Griselinia and Climate Change: Adapting to Environmental Challenges

green palm trees on green grass field during daytime

Climate change is a major environmental concern that affects the lives of many people, businesses and organisations around the world. New Zealand is no exception; the impact of climate change is already being felt within our communities, our industries and ecosystems. One of the species that has been particularly affected by climate-induced changes in NZ is Griselinia littoralis, commonly known as puka or broadleaf.

As resilient as it may seem, Griselinia has been struggling to cope with rising temperatures, increased incidence of extreme weather events and an overall decrease in water availability thanks to climate change. Being an evergreen native shrub found mostly in coastal areas, it not only plays an important role in providing food, shelter and resources for some of Aotearoa’s unique species but also acts as a natural regulator of soil erosion and water quality. To ensure its long-term conservation we must take proactive steps to mitigate the effects of climate change on this species’ growth, health and survival.

Understanding the Species

Griselinia littoralis is a subspecies of evergreen shrubs belonging to the Griseliniaceae family. Originating from New Zealand’s native flora, it can be found throughout coastal scrublands spreading southwards from Northland to Fiordland and Stewart Island. Growing up to 10 metres tall and bearing glossy dark green foliage with inconspicuous small white flowers during winter/spring months, these shrubs are known for their resistance against salt-spray making them an ideal choice for stabilizing coastal dunes and windbreaks. The plant grows best in nutrient-rich soils where there is plenty of moisture but can survive periods of drought too.

The fruit produced by this species provide a valuable source of food for birds like tui, bellbird (korimako) or fantail (pïwakawaka). In addition, Griselinia forests act as essential refuges for other threatened plants such as Hebe spp., or Coprosma spp., whilst sheltering large numbers of invertebrates like weta or geckos amongst its dense foliage too.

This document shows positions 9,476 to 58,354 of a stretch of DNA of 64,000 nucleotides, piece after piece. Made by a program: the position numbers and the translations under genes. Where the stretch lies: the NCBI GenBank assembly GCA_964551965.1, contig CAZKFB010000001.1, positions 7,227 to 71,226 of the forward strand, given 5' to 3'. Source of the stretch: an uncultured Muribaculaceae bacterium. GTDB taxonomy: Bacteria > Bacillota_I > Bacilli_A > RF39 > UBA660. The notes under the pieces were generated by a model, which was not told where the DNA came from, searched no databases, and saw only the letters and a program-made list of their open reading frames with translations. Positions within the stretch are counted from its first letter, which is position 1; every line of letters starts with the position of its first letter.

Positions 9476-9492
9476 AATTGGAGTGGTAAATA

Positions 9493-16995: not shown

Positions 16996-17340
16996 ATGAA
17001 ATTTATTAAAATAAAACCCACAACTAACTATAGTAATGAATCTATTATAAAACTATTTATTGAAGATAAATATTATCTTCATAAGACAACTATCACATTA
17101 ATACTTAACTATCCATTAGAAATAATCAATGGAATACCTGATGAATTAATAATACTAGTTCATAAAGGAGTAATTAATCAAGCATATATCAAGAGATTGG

Impact of Climate Change

Unfortunately climate change has put all these benefits under threat. Rising temperatures combined with prolonged drought episodes have meant less water available for photosynthesis resulting in decreased size, vigour and yield of fruit production in many areas across New Zealand. At the same time exposure to high levels of salt spray due to more frequent storms have caused scorching damage on its susceptible leaves thus weakening the plant further. As a result, populations decline resulting in negative implications for both wildlife that depend on its nectar or fruit as well as erosion control along coasts where its presence was necessary to stabilise dunes against strong winds before human interference disrupted delicate sand systems at hand.

Adapting Strategies

Fortunately though there are ways we can tackle these environmental challenges posed by climate change so that this species may continue to thrive:

  • Increase shade protection

Inferior moisture levels mean that direct sun exposure can affect Griselinia vitality more than usual so providing shade through suitable options like tree canopy cover could help reduce stress levels caused by hot summers or droughts;

  • Improve water availability

Addressing water shortage issues across farming regions by applying efficient irrigation systems like drip lines or creating artificial ponds should help regulate soil moisture levels better throughout drier months thereby improving Griselinia health;

  • Introduce pest control measures

By controlling pests carried over into new locations through human activities we can limit further spread of diseases causing serious damage onto vulnerable trees within susceptible neighborhoods;

  • Plant supportive vegetation

Establishing vegetative buffers around existing remnant patches will allow sparser populations more room to grow while holding back invasive competitors such as wilding pines from taking over;


Furthermore additional management strategies such as supplementing fertilizers (e.g phosphorous) every two years can also contribute positively towards increasing plant vigour thereby allowing them to withstand stronger weather conditions ahead including more frequent storms over coasts deemed critical hotspots prone to seawater inundation on account of sea level rise being one amongst many other consequences brought forth due to climate change.